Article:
Vascular surgery billing is extraordinarily complex and is probably the most complex of all the medical coding specialties.  We have experience with many surgical specialties, including many of the most complex including spine (neurosurgery billing and orthopedic billing for spine) and the consensus among coders is that vascular is the most difficult.


Vascular billing (and more specifically coding) requires an extremely strong understanding of anatomy.  Endovascular is very challenging.  Coders must be able to read the operative report and know exactly where the vascular surgeon went without having to ask questions that waste the surgeon’s time.  The number and complexity of all of the branches in the trees can be daunting.  Our vascular surgery coders must know all the branches including second and third order vessels sufficiently well to be able to pick the appropriate codes.  Small changes in sister or cousin vessels result in completely different CPT codes.


And don’t forget the much feared bypasses configurations, which also make coding these vascular procedures incredibly difficult.  Did you detour, in other words bypass some anatomy?  Where did you come from and where did you end up? How many bifurcations did you pass?


This poses challenges in terms of documentation.  A top vascular billing company will work with its surgeons in order to make sure they are documenting not only everything required for compliance, but everything to ensure that the coding allows the maximum reimbursement for the work that was done.  As a vascular billing service, we will often see cases where it is likely that a particular approach or procedure was performed since we had seen other cases like that, but it simply wasn’t documented.  This is a great example where asking the surgeon for clarification on what was actually performed can result in greater reimbursement and better compliance.


Then there are the constantly changing rules around vascular coding bundling, annual changes from Medicare and the AMA, as well as all of the different payer rules.  Some payers adopted the bundling of 2012 while others still have not for example.  Knowing all of these rules is critical for a vascular surgery billing company in order to maximize the revenue cycle management for our clients.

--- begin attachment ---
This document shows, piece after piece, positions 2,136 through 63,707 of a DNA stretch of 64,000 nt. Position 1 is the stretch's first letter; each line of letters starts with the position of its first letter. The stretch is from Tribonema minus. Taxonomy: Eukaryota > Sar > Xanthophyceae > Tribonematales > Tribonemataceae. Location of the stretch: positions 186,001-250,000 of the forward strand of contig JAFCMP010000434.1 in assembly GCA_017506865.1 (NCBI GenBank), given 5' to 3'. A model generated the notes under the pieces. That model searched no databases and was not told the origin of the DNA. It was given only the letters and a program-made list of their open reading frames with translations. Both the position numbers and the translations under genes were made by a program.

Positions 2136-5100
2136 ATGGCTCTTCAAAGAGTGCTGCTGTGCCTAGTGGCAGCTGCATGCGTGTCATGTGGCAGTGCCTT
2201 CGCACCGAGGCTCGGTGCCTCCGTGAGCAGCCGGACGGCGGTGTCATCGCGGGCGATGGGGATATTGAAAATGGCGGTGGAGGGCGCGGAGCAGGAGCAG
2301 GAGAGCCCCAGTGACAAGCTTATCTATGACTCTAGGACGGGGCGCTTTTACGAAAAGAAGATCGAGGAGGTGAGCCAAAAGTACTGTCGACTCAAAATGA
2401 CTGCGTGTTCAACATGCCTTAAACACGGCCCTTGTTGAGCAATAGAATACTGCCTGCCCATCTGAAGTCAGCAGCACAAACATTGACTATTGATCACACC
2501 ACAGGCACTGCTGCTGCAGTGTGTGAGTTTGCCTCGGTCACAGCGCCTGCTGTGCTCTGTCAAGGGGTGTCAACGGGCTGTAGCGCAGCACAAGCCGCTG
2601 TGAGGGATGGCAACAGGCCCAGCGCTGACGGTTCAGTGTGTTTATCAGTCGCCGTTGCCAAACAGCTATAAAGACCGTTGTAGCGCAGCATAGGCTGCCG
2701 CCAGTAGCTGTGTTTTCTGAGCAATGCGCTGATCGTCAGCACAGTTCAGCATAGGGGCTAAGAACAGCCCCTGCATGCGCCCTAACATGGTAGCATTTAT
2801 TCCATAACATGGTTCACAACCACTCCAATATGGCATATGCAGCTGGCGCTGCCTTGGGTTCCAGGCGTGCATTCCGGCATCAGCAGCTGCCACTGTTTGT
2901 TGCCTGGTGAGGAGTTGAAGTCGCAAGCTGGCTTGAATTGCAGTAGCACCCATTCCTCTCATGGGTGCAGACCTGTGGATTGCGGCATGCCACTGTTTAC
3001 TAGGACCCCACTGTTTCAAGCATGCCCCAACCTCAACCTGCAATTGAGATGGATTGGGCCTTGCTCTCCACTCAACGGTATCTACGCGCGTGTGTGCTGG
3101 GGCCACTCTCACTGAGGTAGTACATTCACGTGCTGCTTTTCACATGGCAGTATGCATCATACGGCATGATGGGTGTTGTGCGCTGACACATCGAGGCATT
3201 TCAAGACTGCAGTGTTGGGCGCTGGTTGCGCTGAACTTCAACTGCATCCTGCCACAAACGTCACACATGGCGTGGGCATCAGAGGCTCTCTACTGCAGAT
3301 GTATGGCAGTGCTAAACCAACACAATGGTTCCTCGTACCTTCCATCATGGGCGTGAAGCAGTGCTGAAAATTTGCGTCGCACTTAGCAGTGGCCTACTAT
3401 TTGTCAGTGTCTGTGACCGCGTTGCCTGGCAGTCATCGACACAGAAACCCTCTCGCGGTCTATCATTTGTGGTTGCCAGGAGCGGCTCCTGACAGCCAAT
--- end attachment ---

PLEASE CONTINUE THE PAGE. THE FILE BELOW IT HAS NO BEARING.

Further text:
The rules have undergone a great deal of changes recently and will continue to do so in the coming years.  Many procedures that were billed individually in past are now bundled into one CPT.  Staying on top of these changes is a great deal of work and there are huge economies of scale.  When we track and monitor the coding changes for all our vascular surgery billing clients, we do this for dozens of physicians, which is far more cost effective than each practice doing it themselves.  Staying on top of changes in general and vascular surgery billing is important not only for compliance, but to maximize the compliant reimbursement in an increasingly difficult reimbursement landscape.  This is why choosing the right vascular billing service is so critical.


About Apache Health

Apache Health is a revenue cycle management (RCM) analytics, benchmarking, and auditing company. The founders of Apache formerly ran a large RCM company that was acquired by a private equity group in a rollup. Apache’s predictive analytics will benchmark billing performance and project exactly how much more revenue you should earn from your existing volume of patients.  Using many factors and a blend of artificial intelligence and specialty specific benchmarks, the model projects whether changing the billing process would improve collections for your particular mix of procedures and payers. Apache Health can help you evaluate whether to outsource the billing, determine which billing company to select to maximize performance, or track in-house billing performance improvement over time. For more information contact:


Sean McSweeney

Apache Health